<p>I completely agree with Norstarmom and Marite, as well. I think the most selective colleges would look favorably upon a student who expressed an interest in teaching. In no way do I believe that would be frowned upon. In fact, those coming from elite colleges do go into teaching among other professions. </p>
<p>Just myself alone (lol)...
I went to Tufts and eventually became a teacher. I went to graduate school at Harvard (as Marite says, some elite colleges have graduate schools of education so obviously value this profession) and focused on staff development and have since been a teacher of teachers on both the undergraduate and graduate level, as well as consulting to schools. So, there is one person for ya. </p>
<p>Mattmom, I am taken by the impression you got in a previous thread where I shared about a situation my D had in school recently. It seems you inferred that I (and/or others) were bashing teachers in some fashion. I would like to clarify that I do NOT feel that way WHATSOEVER. I like the teachers involved in that situation, have supported them in the past and continue to do so. I do not like how that situation was handled and have concerns over it as well as feel I would have handled it differently as a teacher (having been a teacher for many years, as well as someone who trains teachers). To generalize about teachers in any negative fashion, I find offensive and am often the first to ask anyone who does so to please keep the negative feedback to the situation or person involved and not ALL teachers as a group. In fact, I feel that the majority of teachers both my kids have had in the past 15 years have been excellent or very good. I feel we have only run into about five out of countless ones over the years, where I have had some true concerns about their work as a teacher. I feel lucky that there have been so few where I can say that. Those few were quite troublesome and the situations disconcerting (and I am NOT counting the latest vignette I shared among these at all), and I never generalized it to include all teachers. As in any profession, there are some who do an excellent job with devotion and others who do not. Most do, fortunately. </p>
<p>In my many posts on that thread, I believe I even shared how recently, I ran into a history teacher that both my kids have had but particularly my oldest, a current freshman at Brown, had had for two years. I made it my business to go up to him in a store, with tears in my eyes as I shared with him how my D at college had been telling me how much everything she had learned with this teacher had helped her in current college courses and had recently requested me to bring her old HS notebooks from his class to her campus on our visit. I told him the affect he had on her life and the difference he had made and how well he prepared her for the challenges at her college, even coming from our rural public high school (he is a highly intelligent and challenging teacher, educated at Middlebury). I told him that I know, being a teacher as a profession myself, how teachers often hear when parents or others are dissatisfied and it is important for me to make sure when something is positive, that a teacher get that feedback as well, as they often do not. He told me how much it meant to him. Even in my recent meeting with the music staff (that they asked for as I would never have gone in to intervene or complain about the situation), I praised them with how good I thought last year's spring musical was and so forth. After every single concert (and I have been to tons of them over the years), I go up to them and praise them for how great it was.</p>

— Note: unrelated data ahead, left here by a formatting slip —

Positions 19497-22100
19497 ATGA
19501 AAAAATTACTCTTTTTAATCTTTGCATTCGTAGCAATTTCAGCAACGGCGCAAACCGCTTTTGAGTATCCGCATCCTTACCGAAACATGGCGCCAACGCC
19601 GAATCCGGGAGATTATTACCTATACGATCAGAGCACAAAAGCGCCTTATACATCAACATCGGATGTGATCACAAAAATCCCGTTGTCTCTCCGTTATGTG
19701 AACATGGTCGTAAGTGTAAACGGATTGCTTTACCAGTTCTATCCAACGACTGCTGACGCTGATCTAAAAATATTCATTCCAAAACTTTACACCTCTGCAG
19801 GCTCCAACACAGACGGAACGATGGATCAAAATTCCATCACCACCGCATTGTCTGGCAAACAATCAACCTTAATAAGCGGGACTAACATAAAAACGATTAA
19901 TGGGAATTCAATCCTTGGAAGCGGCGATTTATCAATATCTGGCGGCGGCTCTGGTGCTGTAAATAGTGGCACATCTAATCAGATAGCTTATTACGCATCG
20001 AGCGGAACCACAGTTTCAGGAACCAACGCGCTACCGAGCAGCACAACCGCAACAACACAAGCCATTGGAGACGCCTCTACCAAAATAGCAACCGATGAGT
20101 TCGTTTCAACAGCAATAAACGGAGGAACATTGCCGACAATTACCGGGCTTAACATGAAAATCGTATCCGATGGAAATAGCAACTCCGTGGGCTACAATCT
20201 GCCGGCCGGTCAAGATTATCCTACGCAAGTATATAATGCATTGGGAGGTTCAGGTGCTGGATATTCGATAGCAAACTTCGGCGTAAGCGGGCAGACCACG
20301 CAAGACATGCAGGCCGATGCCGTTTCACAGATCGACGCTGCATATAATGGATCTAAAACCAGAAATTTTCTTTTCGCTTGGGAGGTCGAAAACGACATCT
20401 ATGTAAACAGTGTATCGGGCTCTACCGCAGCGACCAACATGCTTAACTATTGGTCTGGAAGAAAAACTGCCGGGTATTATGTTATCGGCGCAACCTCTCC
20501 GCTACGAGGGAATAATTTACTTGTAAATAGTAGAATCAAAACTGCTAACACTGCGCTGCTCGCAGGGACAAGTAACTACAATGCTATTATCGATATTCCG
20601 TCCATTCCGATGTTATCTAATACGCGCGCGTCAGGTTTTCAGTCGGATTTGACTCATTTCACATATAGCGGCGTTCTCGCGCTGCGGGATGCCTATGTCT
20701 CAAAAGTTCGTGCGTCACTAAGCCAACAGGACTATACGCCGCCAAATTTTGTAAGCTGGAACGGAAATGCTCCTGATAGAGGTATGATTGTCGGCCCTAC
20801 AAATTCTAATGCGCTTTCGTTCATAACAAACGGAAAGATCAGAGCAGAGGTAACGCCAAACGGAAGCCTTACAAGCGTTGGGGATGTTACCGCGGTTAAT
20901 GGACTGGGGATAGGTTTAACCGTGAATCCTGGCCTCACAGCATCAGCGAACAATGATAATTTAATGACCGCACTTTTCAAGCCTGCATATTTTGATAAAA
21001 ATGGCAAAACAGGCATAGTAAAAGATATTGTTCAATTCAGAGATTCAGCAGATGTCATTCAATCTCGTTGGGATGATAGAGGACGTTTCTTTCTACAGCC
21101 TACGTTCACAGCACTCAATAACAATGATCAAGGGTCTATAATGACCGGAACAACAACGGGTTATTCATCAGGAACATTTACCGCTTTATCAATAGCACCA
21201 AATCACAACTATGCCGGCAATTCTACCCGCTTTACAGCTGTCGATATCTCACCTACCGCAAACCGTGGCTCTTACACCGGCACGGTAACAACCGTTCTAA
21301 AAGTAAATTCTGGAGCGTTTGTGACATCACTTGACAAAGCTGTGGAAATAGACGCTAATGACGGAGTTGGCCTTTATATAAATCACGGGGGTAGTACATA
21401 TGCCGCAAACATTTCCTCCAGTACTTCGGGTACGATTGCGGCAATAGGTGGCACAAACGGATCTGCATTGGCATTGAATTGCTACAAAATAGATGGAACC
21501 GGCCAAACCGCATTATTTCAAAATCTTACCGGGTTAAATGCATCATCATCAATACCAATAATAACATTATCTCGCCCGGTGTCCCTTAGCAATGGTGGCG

<p>Teachers work VERY hard. I know, as I was one. I am not now as I don't feel like I could do it all while raising my kids because when I taught school, I stayed every day until 6 PM and worked all day Sunday on my job. I know what it takes to be a dedicated teacher. I have seen my kids relish in such teachers now. I also think it is fair, as a parent or student, to express concern when we think actions by a teacher are not as appropriate or as we might hope them to be or have negatively affected our kids in some way. Example, last year, a teacher of my younger D told her that she does not care for her as a person and in fact, when I mentioned that to the teacher at a parent conference the school had with teachers at progress report time, the teacher validated, "that's right, I don't". I could go on but the point being that sometimes even those in this very noble dedicated profession, have done some not so noble things. That does not make it a blanket statement that we look down on teachers. I have to tell you that we feel just the opposite. My husband was on the school board at my kids' elem school for years, even after they graduated, and one of his missions was to support teachers and raise salaries and get the school anything they asked for. I am surprised that you came away from that story inferring a negative view toward teachers. I still think the actions in that situation concerned me as how they were handled and the affect they had on children but that does not mean that I frown upon teachers and in fact, continue to have a working relationship with these particular staff members. </p>